Best Practices: Implement Massive SCM Projects

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Managers currently regard large, multi-site, multi-year Supply Chain Management
(SCM) implementations as too risky. Indeed, such projects require
extremely skilled project management. BP Chemicals implemented Aspentech’s
MIMI supply chain management solution across 17 businesses. It
was a huge, highly successful project, largely because of excellent project
management.

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Best Practices: Implement Massive SCM Projects

  1. 1. THOUGHT LEADERS FOR MANUFACTURING & SUPPLY CHAIN ARC INSIGHTS By Simon Bragg BP’s SCM Project Management Lessons • Stagger sub-projects • For each sub-project, first develop a rough-cut model • Define central and local project management roles and responsibilities • Clarify policy regarding standardization vs localization • Budget 5 to 10 percent/year of project costs for support, maintenance, and continuous improvement INSIGHT# 2003-12E & MP MARCH 19, 2003 Best Practices: Implement Massive SCM Projects Keywords OpX, SCM, Project Management, Chemical Summary Managers currently regard large, multi-site, multi-year Supply Chain Man- agement (SCM) implementations as too risky. Indeed, such projects require extremely skilled project management. BP Chemicals implemented Aspen- tech’s MIMI supply chain management solution across 17 businesses. It was a huge, highly successful project, largely because of excellent project management. BP Chemicals BP Chemicals manufactures petrochemicals, intermediates, and plastics, which includes acetic acid, acrylonitrile, aromatics, purified terephthalic acid (PTA), olefins, polyethylene, and polypro- pylene. With 35 manufacturing sites worldwide, BP Chemicals produces around 27 million tons of product a year. The supply chain planning task is huge, around 100 unique products, several thousand SKUs due to grade and pack types, thousands of customers, and hundreds of delivery points. Project drivers were fairly typical of most large chemical companies. By BP standards prior to implementation, forecast accuracy, data and information visibility, customer responsiveness (e.g. right product in right place), were unsatisfactory. Some businesses had problems completing their monthly planning cycle within four weeks, and purchasing would procure against out of date forecasts. In addition, BP wanted to run proac- tively, with a better understanding of customers’ requirements and wanted to react faster to order changes.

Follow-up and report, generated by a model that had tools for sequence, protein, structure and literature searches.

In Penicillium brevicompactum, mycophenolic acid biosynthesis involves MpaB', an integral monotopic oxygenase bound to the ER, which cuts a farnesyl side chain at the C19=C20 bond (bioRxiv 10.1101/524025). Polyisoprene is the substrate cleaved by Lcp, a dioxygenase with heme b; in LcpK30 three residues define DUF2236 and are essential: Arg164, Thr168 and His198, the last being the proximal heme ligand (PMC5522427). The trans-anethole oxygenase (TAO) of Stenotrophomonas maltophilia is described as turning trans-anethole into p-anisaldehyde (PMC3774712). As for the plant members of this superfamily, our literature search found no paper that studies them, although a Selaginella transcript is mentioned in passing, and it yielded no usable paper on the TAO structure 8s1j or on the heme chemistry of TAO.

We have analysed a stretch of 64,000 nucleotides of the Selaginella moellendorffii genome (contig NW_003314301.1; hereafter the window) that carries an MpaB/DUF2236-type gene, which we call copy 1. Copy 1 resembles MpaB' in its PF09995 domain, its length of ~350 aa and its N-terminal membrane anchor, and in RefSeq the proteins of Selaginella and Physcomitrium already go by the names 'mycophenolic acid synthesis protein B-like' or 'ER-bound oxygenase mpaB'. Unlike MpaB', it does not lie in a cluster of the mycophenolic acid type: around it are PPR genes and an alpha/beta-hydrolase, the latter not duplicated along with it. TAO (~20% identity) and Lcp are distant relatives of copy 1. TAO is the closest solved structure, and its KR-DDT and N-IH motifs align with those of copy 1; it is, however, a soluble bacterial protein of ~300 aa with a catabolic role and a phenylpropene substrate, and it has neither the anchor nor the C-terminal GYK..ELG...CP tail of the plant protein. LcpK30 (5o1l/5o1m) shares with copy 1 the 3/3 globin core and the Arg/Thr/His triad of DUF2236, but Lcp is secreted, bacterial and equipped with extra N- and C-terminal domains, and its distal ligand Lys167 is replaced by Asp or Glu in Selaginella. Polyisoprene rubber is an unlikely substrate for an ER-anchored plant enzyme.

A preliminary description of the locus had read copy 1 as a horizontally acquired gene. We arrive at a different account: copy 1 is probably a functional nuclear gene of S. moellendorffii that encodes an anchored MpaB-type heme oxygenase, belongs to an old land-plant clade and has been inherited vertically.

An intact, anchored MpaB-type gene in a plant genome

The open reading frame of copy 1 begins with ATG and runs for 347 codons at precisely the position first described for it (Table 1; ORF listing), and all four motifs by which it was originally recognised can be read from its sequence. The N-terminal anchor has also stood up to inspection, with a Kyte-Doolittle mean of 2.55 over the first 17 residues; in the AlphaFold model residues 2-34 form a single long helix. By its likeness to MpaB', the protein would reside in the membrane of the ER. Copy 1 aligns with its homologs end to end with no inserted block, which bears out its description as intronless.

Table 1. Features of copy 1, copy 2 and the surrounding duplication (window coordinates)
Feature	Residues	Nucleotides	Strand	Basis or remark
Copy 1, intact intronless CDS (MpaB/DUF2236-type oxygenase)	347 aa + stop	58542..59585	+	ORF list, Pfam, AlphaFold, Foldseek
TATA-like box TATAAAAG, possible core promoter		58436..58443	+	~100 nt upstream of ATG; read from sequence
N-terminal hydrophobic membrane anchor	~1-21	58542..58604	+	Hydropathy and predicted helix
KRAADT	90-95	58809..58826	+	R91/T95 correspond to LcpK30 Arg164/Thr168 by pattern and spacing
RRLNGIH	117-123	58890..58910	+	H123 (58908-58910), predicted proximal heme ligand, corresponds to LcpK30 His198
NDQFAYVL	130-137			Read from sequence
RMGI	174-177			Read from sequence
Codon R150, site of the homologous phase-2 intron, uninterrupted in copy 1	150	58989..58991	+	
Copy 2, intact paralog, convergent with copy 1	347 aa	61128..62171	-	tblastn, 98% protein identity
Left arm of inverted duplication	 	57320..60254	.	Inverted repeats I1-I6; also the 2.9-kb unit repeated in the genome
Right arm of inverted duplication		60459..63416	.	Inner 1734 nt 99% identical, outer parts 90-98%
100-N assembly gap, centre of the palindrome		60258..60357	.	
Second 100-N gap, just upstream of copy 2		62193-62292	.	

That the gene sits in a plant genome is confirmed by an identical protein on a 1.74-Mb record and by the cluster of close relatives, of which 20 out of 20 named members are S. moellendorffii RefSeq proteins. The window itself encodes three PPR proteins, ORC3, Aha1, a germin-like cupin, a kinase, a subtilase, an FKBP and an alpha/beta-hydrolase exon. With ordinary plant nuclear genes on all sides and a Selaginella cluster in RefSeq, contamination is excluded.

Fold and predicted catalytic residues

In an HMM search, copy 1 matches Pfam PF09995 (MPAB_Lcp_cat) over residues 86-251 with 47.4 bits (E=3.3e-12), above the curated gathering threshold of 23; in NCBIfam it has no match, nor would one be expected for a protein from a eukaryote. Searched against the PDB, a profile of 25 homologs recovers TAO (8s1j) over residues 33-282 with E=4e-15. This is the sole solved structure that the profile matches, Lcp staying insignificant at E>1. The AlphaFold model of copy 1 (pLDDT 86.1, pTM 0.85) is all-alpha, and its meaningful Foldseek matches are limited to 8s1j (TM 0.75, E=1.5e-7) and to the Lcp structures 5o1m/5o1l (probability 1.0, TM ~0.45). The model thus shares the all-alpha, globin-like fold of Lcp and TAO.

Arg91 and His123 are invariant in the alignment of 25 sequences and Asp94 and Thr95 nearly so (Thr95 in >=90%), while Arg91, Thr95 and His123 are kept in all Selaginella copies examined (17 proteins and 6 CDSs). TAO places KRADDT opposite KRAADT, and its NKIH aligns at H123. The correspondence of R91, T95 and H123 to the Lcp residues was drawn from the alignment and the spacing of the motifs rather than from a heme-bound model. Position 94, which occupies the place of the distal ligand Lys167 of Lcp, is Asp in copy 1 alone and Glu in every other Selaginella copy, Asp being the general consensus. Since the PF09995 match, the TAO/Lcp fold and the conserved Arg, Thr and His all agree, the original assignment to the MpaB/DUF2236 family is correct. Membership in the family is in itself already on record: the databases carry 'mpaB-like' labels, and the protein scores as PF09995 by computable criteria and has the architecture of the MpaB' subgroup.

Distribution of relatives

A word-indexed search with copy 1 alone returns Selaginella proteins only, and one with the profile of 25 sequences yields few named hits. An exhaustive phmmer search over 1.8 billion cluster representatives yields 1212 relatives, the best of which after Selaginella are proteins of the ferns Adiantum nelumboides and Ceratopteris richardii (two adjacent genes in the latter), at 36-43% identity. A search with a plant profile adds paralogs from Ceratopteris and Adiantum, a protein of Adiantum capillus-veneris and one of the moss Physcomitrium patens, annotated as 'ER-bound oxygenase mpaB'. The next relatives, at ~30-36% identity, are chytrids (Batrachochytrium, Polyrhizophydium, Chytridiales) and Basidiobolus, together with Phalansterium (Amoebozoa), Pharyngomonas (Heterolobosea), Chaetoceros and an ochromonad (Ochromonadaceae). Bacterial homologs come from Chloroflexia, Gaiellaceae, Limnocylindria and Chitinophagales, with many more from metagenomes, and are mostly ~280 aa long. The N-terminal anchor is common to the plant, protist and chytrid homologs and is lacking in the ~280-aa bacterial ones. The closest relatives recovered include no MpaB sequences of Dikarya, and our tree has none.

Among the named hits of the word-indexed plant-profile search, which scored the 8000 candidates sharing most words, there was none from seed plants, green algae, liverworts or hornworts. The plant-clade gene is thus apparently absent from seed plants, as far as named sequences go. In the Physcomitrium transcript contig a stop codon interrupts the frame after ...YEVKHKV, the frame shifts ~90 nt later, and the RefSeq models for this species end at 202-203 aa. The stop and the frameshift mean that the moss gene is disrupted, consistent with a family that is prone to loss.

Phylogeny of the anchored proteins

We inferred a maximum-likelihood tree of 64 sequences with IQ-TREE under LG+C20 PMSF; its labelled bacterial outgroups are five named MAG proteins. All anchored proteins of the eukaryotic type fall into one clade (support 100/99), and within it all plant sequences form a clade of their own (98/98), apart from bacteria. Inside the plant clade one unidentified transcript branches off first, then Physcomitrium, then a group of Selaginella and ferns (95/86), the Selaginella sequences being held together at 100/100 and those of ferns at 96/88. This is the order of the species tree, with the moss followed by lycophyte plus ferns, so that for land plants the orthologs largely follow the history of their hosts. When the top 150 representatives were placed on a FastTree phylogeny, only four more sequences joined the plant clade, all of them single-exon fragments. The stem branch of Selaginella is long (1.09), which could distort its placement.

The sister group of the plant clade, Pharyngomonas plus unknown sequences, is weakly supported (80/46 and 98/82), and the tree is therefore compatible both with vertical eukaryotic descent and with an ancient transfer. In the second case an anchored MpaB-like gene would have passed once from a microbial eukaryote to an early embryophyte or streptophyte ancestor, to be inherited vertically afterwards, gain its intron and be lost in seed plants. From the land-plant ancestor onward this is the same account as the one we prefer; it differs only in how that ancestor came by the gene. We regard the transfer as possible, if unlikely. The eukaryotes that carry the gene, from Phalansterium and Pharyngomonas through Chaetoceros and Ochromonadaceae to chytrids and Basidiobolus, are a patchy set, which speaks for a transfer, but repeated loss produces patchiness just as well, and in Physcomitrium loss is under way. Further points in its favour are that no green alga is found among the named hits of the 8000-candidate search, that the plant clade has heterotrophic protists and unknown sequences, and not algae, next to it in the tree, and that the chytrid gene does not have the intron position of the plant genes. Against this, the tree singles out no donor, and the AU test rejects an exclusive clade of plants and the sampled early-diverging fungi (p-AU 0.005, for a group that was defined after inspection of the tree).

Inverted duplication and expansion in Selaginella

2. 2. ARC Insights, Page 2 ©2003 • ARC • 3 Allied Drive • Dedham, MA 02026 USA • 781-471-1000 • ARCweb.com The Supply Chain Implementation For each business, the new process was: 1. Propose Supply Plan: incorporate maintenance plans, production ca- pacity, co-producer capacity, and raw material availability. 2. Propose Demand Plan: incorporate segmentation and demand rules. 3. Resolve Supply Issues: obtain feedback from production. 4. Resolve Demand Issues: use feedback from sales managers. 5. Apply Supply Plan: use detailed production schedule and stock replen- ishment movements including VMI. 6. Apply Demand Plan: communicate constrained demand plan, perform ATP checks as appropriate, confirm customer order, schedule and exe- cute delivery. Across all 17 business lines, around 250 users touch collaborative demand planning, including product, account, and sales managers. Approximately 30 users handle supply chain planning, and about 50 users tackle produc- tion planning and scheduling. BP split the implementation into two phases. Preliminary project definition work and vendor selection began in September 1999. The first 9 business lines, those that were most enthusiastic, began implementation in July 2000, with completion in 12-18 months. Phase 2 kicked off in October 2001, and is almost finished. BP split each phase into some 40 smaller sub-projects, for instance focusing on demand forecasting for a business, or production planning for a manufacturing plant. In total, the project required over 60 man years of effort and employed 40 outside consultants at its peak. Project Payback The quantified benefits are confidential, although BP would agree that most projects achieved payback in a year. Based on our understanding of Aspen- tech’s technology and the chemical industry, we suspect payback was achieved within months. Recommendations: The Lessons of BP Phase 1 adopted many well-known good practices. The team sold each sub-project to every business unit leader before beginning implementation. The business unit leaders had to agree to the time commitments required of